abstractNote = {A long standing problem in molecular biology is to determine the threedimensional structure of a protein, given its amino acid sequence. A variety of simplifying models have been proposed abstracting only the {open_quotes}essential physical properties{close_quotes} of real proteins. In these models, the three dimensional space is often represented by a lattice. Residues which are adjacent in the primary sequence (i.e. covalently linked) must be placed at adjacent points in the lattice. A conformation of a protein is simply a selfavoiding walk along the lattice. The protein folding problem STRINGFOLD is that of finding a conformation of the protein sequence on the lattice such that the overall energy is minimized, for some reasonable definition of energy. This formulation leaves open the choices of a lattice and an energy function. Once these choices are made, one may then address the algorithmic complexity of optimizing the energy function for the lattice. For a variety of such simple models, this minimization problem is in fact NPhard. In this paper, we consider the HydrophobicPolar (HP) Model introduced by Dill. The HP model abstracts the problem by grouping the 20 amino acids into two classes: hydrophobic (or nonpolar) residues and hydrophilic (or polar) residues. For concreteness, we will take our input to be a string from (H,P){sup +}, where P represents polar residues, and H represents hydrophobic residues. Dill et.al. survey the literature analyzing this model. 8 refs., 2 figs., 1 tab.},
doi = {},
journal = {},
number = ,
volume = ,
place = {United States},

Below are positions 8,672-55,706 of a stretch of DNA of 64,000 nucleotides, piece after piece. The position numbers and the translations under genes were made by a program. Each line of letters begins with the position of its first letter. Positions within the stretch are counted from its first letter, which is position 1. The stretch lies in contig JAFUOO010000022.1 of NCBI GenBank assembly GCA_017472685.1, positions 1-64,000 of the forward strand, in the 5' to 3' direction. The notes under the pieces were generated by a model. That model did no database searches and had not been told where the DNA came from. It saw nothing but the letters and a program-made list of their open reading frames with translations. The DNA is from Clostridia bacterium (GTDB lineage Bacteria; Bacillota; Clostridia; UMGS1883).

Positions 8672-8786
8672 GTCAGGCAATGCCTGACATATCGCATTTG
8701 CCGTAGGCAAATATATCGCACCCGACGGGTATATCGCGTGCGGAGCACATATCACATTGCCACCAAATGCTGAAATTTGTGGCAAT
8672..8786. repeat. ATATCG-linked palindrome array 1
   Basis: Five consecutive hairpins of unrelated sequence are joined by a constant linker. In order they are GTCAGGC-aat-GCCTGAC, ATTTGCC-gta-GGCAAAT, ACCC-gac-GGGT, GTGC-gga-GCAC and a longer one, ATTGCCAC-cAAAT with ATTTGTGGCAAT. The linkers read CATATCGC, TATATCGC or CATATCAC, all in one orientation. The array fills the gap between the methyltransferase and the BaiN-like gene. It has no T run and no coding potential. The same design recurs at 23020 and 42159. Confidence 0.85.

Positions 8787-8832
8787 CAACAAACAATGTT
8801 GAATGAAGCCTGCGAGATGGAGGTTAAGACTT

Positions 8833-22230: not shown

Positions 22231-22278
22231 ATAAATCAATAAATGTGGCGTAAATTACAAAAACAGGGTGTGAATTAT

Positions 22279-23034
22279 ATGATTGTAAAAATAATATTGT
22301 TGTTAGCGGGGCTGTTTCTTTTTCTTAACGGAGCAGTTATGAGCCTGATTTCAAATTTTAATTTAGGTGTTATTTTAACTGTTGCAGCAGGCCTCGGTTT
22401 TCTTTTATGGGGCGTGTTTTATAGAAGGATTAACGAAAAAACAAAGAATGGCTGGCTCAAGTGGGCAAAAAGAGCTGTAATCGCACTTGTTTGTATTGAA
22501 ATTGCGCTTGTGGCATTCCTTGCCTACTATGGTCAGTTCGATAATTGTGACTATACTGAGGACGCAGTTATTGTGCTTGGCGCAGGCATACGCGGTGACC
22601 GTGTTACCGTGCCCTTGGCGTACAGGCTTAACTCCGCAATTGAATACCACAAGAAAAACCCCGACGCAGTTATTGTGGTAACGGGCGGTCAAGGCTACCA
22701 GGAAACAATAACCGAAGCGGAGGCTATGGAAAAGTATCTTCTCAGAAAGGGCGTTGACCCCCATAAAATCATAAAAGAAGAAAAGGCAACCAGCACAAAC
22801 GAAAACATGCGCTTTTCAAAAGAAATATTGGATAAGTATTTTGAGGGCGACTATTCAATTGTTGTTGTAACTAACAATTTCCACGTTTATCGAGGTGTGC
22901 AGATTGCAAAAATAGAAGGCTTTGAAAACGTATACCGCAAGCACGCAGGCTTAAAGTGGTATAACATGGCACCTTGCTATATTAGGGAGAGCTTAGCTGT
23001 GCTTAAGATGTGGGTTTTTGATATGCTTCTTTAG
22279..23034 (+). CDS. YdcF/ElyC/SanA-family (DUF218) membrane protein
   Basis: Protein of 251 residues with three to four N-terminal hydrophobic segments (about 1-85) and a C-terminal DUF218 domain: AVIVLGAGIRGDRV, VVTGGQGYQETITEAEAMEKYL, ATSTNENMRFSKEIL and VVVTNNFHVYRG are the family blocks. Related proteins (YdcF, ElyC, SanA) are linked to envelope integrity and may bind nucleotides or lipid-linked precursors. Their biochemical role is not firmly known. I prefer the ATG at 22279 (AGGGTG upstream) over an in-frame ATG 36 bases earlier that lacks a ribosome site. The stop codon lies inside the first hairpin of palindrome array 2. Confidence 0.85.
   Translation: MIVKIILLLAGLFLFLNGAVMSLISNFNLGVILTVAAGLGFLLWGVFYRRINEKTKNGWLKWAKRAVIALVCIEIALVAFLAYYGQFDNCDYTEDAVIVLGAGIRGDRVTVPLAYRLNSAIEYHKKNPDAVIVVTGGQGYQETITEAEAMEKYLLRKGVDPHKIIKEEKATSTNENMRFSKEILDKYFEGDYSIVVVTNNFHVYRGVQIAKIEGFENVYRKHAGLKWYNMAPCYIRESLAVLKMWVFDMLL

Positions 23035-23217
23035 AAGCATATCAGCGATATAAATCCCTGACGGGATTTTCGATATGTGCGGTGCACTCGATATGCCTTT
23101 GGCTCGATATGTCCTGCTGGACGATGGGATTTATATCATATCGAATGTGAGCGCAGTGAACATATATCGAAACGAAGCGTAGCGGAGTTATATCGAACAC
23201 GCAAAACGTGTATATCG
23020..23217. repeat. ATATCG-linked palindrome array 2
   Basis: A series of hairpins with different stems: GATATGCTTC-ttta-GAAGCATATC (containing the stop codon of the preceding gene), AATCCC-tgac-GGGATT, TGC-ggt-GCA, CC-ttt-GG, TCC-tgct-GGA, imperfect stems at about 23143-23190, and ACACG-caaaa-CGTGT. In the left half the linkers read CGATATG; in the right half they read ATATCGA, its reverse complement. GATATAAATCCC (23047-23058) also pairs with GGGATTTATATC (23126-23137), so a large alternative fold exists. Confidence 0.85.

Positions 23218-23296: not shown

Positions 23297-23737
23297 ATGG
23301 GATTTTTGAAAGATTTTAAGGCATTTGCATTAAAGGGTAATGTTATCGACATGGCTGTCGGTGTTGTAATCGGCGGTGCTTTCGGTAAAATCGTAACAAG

year = 1997,
month =
}

We consider the problem of determining the threedimensional folding of a protein given its onedimensional amino acid sequence. We use the HP model for protein folding proposed by Dill, which models protein as a chain of amino acid residues that are either hydrophobic or polar, and hydrophobic interactions are the dominant initial driving force for the protein folding. Hart and Istrail gave approximation algorithms for folding proteins on the cubic lattice under HP model. In this paper, we examine the choice of a lattice by considering its algorithmic and geometric implications and argue that triangular lattice is a more reasonablemore »

The earliest events in protein folding: Helix dynamics in proteins and model peptides
The earliest events in protein folding are critically important in determining the folding pathway, but have proved difficult to study by conventional approaches. We have developed new rapid initiation methods and structurespecific probes to interrogate the earliest events of protein folding. Our focus is the pathways. Folding or unfolding reactions are initiated on a fast timescale (10 ns) using a laser induced temperature jump (15 C) and probed with timeresolved infrared spectroscopy. We obtained the kinetics of the helixcoil transition for a model 21residue peptide. The observed rate constant k{sub obs} = k{sub f} + k{sub u} for reversible kinetics;more » 
Protein folding of the H0P model: A parallel WangLandau study
We propose a simple modication to the hydrophobicpolar (HP) protein model, by introducing a new type of monomer, "0", with intermediate hydrophobicity of some amino acids between H and P. With the replicaexchange WangLandau sampling method, we investigate some widely studied HP sequences as well as their H0P counterparts and observe that the H0P sequences exhibit dramatically reduced ground state degeneracy and more signicant transition signals at low temperature for some thermodynamic properties, such as the specific heat. 
Lattice and offlattice side chain models of protein folding: Linear time structure prediction better than 86% of optimal
This paper considers the protein structure prediction problem for lattice and offlattice protein folding models that explicitly represent side chains. Lattice models of proteins have proven extremely useful tools for reasoning about protein folding in unrestricted continuous space through analogy. This paper provides the first illustration of how rigorous algorithmic analyses of lattice models can lead to rigorous algorithmic analyses of offlattice models. The authors consider two side chain models: a lattice model that generalizes the HP model (Dill 85) to explicitly represent side chains on the cubic lattice, and a new offlattice model, the HP Tangent Spheres Side Chainmore »